He claimed to be “the plainest kind of fellow you can find. There isn’t a single thing I’ve done, or experienced,” said Grant Wood, “that’s been even the least bit exciting.”
Wood was one of America’s most famous regionalist painters; to love his work was the equivalent of loving America itself. In his time, he was an “almost mythical figure,” recognized most supremely for his hard-boiled farm scene, American Gothic, a painting that has come to reflect the essence of America’s traditional values—a simple, decent, homespun tribute to our lost agrarian age.
In this major new biography of America’s most acclaimed, and misunderstood, regionalist painter, Grant Wood is revealed to have been anything but plain, or simple . . .
R. Tripp Evans reveals the true complexity of the man and the image Wood so carefully constructed of himself. Grant Wood called himself a farmer-painter but farming held little interest for him. He appeared to be a self-taught painter with his scenes of farmlands, farm workers, and folklore but he was classically trained, a sophisticated artist who had studied the Old Masters and Flemish art as well as impressionism. He lived a bohemian life and painted in Paris and Munich in the 1920s, fleeing what H. L. Mencken referred to as “the booboisie” of small-town America.
We see Wood as an artist haunted and inspired by the images of childhood; by the complex relationship with his father (stern, pious, the “manliest of men”); with his sister and his beloved mother (Wood shared his studio and sleeping quarters with his mother until her death at seventy-seven; he was forty-four).
We see Wood’s homosexuality and how his studied masculinity was a ruse that shaped his work.
Here is Wood’s life and work explored more deeply and insightfully than ever before. Drawing on letters, the artist’s unfinished autobiography, his sister’s writings, and many never-before-seen documents, Evans’s book is a dimensional portrait of a deeply complicated artist who became a “National Symbol.” It is as well a portrait of the American art scene at a time when America’s Calvinistic spirit and provincialism saw Europe as decadent and artists were divided between red-blooded patriotic men and “hothouse aesthetes.”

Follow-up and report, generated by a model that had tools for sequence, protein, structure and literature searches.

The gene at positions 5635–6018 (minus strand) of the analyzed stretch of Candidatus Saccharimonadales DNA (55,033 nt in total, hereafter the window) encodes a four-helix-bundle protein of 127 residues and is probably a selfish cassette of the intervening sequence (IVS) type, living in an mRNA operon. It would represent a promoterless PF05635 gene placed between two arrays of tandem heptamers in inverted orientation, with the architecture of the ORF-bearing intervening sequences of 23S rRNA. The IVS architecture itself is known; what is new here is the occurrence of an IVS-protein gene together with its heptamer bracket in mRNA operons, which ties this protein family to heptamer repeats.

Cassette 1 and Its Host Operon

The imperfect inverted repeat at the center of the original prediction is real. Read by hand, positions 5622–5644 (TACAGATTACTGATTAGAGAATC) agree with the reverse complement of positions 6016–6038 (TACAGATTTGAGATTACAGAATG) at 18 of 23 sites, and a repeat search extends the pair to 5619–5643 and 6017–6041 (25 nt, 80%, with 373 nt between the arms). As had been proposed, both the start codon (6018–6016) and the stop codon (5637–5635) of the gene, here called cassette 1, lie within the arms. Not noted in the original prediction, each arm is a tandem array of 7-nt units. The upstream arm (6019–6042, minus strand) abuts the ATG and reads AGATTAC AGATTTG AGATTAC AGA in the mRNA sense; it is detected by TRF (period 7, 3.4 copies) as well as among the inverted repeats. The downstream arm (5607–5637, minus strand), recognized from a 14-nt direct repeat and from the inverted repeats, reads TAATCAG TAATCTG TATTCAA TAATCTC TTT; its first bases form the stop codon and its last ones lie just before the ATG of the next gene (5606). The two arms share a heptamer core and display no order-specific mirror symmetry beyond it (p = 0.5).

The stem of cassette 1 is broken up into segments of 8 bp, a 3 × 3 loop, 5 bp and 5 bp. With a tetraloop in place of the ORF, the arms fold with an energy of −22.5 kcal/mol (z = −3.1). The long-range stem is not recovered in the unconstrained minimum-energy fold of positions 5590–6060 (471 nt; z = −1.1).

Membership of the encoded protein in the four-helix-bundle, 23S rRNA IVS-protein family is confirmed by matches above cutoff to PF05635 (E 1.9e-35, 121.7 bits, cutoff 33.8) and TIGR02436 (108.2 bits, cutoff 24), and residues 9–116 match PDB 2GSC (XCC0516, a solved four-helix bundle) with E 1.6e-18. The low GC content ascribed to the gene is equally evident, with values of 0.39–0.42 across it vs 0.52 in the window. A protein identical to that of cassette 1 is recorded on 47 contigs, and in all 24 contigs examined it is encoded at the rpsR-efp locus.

Thomas Hart Benton said of Grant Wood: “When this new America looks back for landmarks to help gauge its forward footsteps, it will find a monument standing up in the midst of the wreckage . . . This monument will be made out of Grant Wood’s works.”
About the Author
R. Tripp Evans is Professor of Art History at Wheaton College in Massachusetts. He is the author of Romancing the Maya: Mexican Antiquity in the American Imagination, 1820-1915 (2004). He received his doctoral degree in the history of art from Yale University and has served as a visiting lecturer at Yale, Wellesley College, and Brown University. He and his partner, Ed Cabral, live in Providence, Rhode Island.
Praise for Grant Wood: A Life…
Winner of The Marfield Prize: The National Award for Arts Writing
"[Written] with verve, nuance and the excitement of discovery. . . a fascinating, audacious and empathic portrait."
—Donna Seaman, Kansas City Star
“Evans provides Wood and his work with layers upon layers of depth, creating a portrait of a fully realized, three-dimensional man whose work and life is fascinating and distinctly American.”
—Dustin Michael Harris, Chicago Sun-Times
“Absorbing and thoughtful… Evans dismisses the artist’s folksy declarations and devotion to Regionalism as a mere cover, an expedient camouflage, for his tortured private life.”
—Deborah Solomon, The New York Times Book Review
“Sumptuous, eminently readable…”
—Sam Coale, The Providence Journal
“Evans’s in-depth, gendered readings of Wood’s paintings situate him in the longer history of male artists’ gendered self-portrayals (bracketed by Oscar Wilde and Jackson Pollock), providing a useful new insight into Wood’s place in American art.”
"This audacious, ingenious and powerful book blows the lid off the study of Grant Wood, the creator of America’s best-known work of art, aptly titled American Gothic. Evans frankly acknowledges Wood’s homosexuality, which earlier biographers avoided entirely, and mines layer upon layer of meaning in his fascinating paintings that earlier writers completely missed. This is certainly one of the best and most psychologically penetrating studies ever written on an American artist, but it’s more than that. It is a book that transforms our understanding of what goes on in the American heartland—and of the swirling currents and undercurrents of American life."
—Henry Adams, author of Tom and Jack: The Intertwined Lives of Thomas Hart Benton and Jackson Pollock.
"A fascinating and heartrending portrait of an artist forced to sacrifice his right to happiness and wholeness."